What I did on my holidays!

Social historians are fond of telling people that one of the most profound effects of industrialisation upon daily life was the separation of work from home, and the separation of work from leisure.  Not that all this happened overnight or even decades.  Large scale manufacture was taking place in homes long before what we would recognise as factories were built.  It wasn’t until the 1850s that the balance tipped from a largely rural population to an urban one.  But at some point during the late Victorian era the notion of ‘recreation’ became central to the contemporary psyche.  Recreation  was all about self-improvement and literally recreating yourself.  This lead to  the explosion of public libraries and municipal parks.   By the end of the century the novel idea of ‘going-on a holiday’ in order to recreate oneself  had been born.  

Many of us now would like to return to some pre-industrial idyll where home, work and leisure seamlessly run together - the good life.  Preferably we would like to do this with central heating and without the inconvenience of poverty, hunger and disease.  While we put our rose tinted spectacles back in their cases we should at least observe the general rule of thumb that the closer you can manage to keep all things to home the lower your carbon footprint is likely to be.  Holidaying at home is the new black (or something like that!)

So have we managed to recreate ourselves in a sustainable manner?  Well steering clear of the nightmare that is airports wasn’t much of a challenge for us and we certainly spent some of our holiday in a lovely canal side cottage.  We are also fortunate in having a number of strategically placed relatives by the sea!

We live within a stone’s throw from Alton Towers but I hate to think of the carbon footprint a place like that has.  We had to look  for an alternative way to get our thrills.  Only a few miles further on from Alton Towers is Buxton (a good Victorian resort!) where we decided to do one of those Go Ape experiences.  It was brilliant.  Goldilocks and her pals really had a fabulous time and couldn’t stop talking about their feats of daring.    Here is our little friend Netty silhoetted against a steel grey sky up in the trees.  Going ApeIn order to recover from the thrills and adrenalin rush I also spent many peaceful hours watching my vegetables grow and reading GYO magazines – who needs sunsets over beaches?

My veg is growing

We also went to visit Uncle Mike who has bought a tiny house not far outside of Conwy in North Wales.  It’s great, you literally step outside of the back door and you’re hill walking.  He lives in one of those terraces down there, from the front of the house you get a lovely view of sea and hills.

Uncle Mike's house

Willow was delighted to be reunited with her sister Bracken.  They both approved of the walking opportunities up here - lots of straggly sheep to size up as well.  I imagine this is what Border Collie heaven looks like.  It makes our little green hills at home look like teletubby land.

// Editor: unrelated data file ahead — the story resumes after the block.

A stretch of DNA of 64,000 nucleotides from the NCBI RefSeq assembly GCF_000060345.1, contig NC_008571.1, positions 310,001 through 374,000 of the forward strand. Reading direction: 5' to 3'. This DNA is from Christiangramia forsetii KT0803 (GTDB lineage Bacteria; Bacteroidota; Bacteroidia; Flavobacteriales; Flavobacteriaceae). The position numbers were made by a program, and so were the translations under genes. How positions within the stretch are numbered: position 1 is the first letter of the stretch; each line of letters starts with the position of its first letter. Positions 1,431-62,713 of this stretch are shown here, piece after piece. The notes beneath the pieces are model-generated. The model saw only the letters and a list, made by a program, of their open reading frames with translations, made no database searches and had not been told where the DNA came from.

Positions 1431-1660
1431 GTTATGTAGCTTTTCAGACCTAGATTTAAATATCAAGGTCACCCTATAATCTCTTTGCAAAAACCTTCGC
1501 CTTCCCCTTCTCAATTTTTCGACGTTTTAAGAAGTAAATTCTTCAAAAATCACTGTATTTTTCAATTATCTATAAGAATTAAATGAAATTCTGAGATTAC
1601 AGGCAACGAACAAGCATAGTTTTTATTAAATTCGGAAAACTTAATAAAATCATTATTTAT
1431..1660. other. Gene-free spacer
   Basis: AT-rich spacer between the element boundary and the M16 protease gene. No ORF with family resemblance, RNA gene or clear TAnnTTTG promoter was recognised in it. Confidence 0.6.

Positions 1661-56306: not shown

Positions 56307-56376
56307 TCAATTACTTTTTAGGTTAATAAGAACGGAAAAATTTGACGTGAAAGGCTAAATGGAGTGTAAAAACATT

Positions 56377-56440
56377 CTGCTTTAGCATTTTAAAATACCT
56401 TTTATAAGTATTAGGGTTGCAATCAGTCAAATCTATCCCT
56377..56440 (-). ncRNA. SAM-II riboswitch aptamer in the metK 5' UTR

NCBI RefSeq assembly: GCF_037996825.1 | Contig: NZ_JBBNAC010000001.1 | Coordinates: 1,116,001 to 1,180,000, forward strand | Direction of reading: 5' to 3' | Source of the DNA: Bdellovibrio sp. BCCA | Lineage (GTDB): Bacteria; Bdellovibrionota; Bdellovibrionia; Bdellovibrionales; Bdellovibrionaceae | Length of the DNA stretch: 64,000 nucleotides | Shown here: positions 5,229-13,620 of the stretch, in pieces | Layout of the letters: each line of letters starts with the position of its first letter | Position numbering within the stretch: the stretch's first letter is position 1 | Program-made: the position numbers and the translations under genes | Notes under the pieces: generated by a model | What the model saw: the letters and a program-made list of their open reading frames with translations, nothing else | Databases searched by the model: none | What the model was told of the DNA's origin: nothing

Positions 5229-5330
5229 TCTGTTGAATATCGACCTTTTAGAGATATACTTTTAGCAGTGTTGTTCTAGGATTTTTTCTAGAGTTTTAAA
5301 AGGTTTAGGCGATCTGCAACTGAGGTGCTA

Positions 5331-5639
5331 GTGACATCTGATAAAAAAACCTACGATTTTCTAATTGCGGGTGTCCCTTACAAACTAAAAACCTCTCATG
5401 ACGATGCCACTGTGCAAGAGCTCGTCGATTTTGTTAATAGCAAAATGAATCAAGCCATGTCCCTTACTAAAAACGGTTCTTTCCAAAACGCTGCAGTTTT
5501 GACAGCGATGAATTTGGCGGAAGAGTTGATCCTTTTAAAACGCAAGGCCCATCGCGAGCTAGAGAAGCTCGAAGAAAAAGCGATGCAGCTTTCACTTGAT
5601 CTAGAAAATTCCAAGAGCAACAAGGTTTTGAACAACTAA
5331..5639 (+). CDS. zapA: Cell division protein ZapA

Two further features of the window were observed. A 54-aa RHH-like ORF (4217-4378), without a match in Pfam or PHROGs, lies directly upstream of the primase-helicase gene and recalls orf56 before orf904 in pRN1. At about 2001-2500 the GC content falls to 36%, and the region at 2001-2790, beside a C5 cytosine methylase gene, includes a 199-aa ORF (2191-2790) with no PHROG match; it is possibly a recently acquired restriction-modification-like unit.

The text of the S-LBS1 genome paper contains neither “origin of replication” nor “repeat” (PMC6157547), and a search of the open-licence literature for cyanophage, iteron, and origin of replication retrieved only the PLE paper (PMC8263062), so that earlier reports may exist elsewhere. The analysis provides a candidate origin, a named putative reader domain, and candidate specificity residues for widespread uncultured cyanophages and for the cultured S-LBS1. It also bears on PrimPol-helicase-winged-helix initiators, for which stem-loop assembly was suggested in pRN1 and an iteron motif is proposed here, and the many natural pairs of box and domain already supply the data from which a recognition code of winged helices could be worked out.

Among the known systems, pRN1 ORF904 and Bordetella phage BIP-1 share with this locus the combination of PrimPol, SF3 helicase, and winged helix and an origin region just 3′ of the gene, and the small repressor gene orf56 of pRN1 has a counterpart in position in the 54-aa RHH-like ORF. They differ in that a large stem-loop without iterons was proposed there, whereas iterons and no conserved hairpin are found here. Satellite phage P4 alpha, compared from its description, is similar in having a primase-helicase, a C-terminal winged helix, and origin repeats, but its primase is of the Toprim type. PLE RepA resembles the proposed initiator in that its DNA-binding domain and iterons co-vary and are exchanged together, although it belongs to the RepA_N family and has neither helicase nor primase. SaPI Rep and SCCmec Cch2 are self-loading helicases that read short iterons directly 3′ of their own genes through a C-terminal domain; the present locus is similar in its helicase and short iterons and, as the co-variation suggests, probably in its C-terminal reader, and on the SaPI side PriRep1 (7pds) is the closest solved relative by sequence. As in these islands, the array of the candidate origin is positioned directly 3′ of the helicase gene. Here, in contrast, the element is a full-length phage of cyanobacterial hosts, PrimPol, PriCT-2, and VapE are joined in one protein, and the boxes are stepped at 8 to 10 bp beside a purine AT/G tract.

Willow and Bracken

While we were in Wales we paid a visit to the Centre for Alternative Technology.  This was a really fun and inspiring day out.  There is something there to amuse  and inform all members of the family, we could have stayed much longer and will definitely be returning.  I’m going to put their site on my blogroll.  Here is Goldilocks powering a smoothie maker with a bike.

pedal power at CAT

Goldilocks also insisted I put in a picture of the dens they made at a day out at Trentham Gardens.  This is a favourite haunt of mine and always has lots for kids to do and teaching survival skills, among other things, was part of the Summer Holiday programme.  The gardens there are stunning also and still look magnificent even on a grey September day, a real triumph of garden design.  But here is a picture of a den instead!

den building at Trentham

Now we are new people. We have been fully recreated and tommorow school starts again.  In sympathy with children up and down the land I appear to have written one of those rather dull and rambling ’What I did on my holidays’ essays.  My apologies, back to normal just as soon as I’ve cleared the backlog of soggy  clothes that have been lurking in the bottom of rucksacks!

 

 

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3 comments to What I did on my holidays!

  • Sounds like a really good time was had by all.
    I and family have just moved up to Unst in Shetland so have spent my time settling in and getting involved with the local permaculture inspired market garden. It is fantastic to be out of the towns.
    Cottage Economy by William Cobbett is a good and useful insight into a self-sufficentish Victorian approach and has some useful info on brewing, breadmaking, keeping livestock and building and icehouse, all done without the modern technology which we take so much for granted.

  • goo

    Thanks! Cottage Economy sounds good I’ll look that up. The icehouse will particularly appeal to The Man from Salford who is always bemoaning the fact we don’t have ice in our drinks because we are freezerless!

  • Thanks Goo
    I must admit the thougt appeals but currently I am too dependant on those mod cons (I am weaning myself off them though :-) )
    Any books on primitive living, permaculture and hedgerow medicene are good for ideas.

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